Hollywood’s once high-tech future fantasies are not far off. Much of the technology depicted in films like 2001: A Space Odyssey is now reality, and smart houses like Eureka’s S.A.R.A.H. might be sooner than we think. But what will we see this year? Here are my top ten best guesses:
1. Old technology being used in a new way
This year will be about going back and using technology we already have in new ways. For instance, the new Ford Escape is reducing wind noise with pre-WWII technology. Many items that showed up at CES like the Nest, used old technology (thermostat) and applied new technology (internet connectivity and new interface) to create a gadget that has flown off the shelves.
2. Internet-capable features dominating the television market
With the popularity of devices like Roku and Apple TV, this will put more pressure on innovation in the world of television manufacturers. The next natural step will be for simplifying the connectivity for smarter and easier connected entertainment.
3. Near instantaneous media streaming
Current “4G” is considerably faster than 3G and is making headway towards the low-bandwidth, high-information capability of ITU’s official 4G standards.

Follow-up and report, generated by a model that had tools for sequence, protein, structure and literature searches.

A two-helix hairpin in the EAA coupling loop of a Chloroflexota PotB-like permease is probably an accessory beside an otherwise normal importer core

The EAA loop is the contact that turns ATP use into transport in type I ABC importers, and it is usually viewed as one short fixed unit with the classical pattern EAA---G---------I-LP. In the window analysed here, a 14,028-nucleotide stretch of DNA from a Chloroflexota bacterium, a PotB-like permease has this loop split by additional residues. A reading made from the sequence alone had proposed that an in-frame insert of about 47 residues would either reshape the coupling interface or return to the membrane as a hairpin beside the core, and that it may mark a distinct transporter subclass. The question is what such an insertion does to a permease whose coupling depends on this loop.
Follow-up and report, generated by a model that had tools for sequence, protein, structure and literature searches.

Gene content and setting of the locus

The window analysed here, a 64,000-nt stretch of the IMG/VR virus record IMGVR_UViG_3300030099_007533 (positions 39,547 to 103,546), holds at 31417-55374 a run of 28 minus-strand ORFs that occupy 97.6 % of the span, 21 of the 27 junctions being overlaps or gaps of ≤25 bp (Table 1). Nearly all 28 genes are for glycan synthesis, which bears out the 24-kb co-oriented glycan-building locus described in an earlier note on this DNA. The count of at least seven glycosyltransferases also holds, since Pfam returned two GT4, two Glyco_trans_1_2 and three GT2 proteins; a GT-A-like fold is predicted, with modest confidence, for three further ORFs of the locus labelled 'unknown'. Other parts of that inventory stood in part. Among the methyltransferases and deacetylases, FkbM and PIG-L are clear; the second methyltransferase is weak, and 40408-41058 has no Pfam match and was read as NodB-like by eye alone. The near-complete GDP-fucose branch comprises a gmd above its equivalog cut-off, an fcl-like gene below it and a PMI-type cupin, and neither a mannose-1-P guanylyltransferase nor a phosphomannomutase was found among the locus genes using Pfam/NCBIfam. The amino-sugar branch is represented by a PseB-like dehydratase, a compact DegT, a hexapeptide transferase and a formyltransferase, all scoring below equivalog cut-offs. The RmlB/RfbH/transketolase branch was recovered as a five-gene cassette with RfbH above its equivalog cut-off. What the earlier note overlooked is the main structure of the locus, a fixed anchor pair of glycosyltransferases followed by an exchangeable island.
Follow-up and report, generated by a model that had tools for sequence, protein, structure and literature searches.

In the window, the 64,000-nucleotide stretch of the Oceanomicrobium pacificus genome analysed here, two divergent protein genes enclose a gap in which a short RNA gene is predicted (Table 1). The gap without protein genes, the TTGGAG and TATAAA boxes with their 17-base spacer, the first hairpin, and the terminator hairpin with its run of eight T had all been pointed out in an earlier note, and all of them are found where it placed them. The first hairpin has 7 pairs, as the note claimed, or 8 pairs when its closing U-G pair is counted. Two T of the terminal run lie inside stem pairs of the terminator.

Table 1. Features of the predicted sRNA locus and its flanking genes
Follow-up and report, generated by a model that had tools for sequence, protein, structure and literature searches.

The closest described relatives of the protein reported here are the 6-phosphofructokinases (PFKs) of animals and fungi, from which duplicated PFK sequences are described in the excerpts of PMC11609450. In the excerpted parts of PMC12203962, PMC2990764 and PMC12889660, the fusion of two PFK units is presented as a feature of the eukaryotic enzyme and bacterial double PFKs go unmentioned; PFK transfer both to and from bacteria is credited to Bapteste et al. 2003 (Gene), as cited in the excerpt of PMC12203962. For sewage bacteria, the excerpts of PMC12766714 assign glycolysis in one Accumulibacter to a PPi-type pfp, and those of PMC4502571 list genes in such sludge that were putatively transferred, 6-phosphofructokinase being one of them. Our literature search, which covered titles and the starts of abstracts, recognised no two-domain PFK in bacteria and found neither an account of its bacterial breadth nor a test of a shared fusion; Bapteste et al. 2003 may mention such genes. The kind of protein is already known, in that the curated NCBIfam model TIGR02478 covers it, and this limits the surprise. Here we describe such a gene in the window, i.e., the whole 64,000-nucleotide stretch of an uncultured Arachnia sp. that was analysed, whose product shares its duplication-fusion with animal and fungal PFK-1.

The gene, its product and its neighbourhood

4. Second Screen Experiences- a household term
With our attachment to mobile devices and The Sundance Film Festival’s introduction of “The New Frontier Story Lab” last year, it is likely we will see more films made for the second screen experience.
Do you work from home or on the road often? Do you love “work from home Fridays” where you can drink your coffee in your sweats while responding to emails? So do we. Working remotely saves hours of time on the road that can be better spent getting the kids ready for school or taking that early morning conference call and then immediately hopping on your laptop to work. We also know that teleworking can be great for a more flexible lifestyle but it can also present some challenges if managers do not set expectations of what is expected and if teleworkers don’t create productive work habits.
Augmented reality (AR) isn’t new but it definitely continues to gain momentum and is becoming a driving force in the way we engage with our content rich world. An AR experience is appealing to most age demographics because it enables us to interact in fresh and engaging ways with a variety of mediums. So no surprise that ABI Research estimates the market for augmented reality in the US will reach $350 million in 2014. That’s up from only $6 million in 2008!
I have explained in past blog posts what AR is in detail, see the below list of blog links to learn more. To recap for those who are new to the concept Wikipedia defines augmented reality (AR) as a live, direct or indirect, view of a physical, real-world environment whose elements are augmented by computer-generated sensory input such as sound, video, graphics or GPS data.
Here is an example of AR solutions that have been generating a lot of buzz and excitement J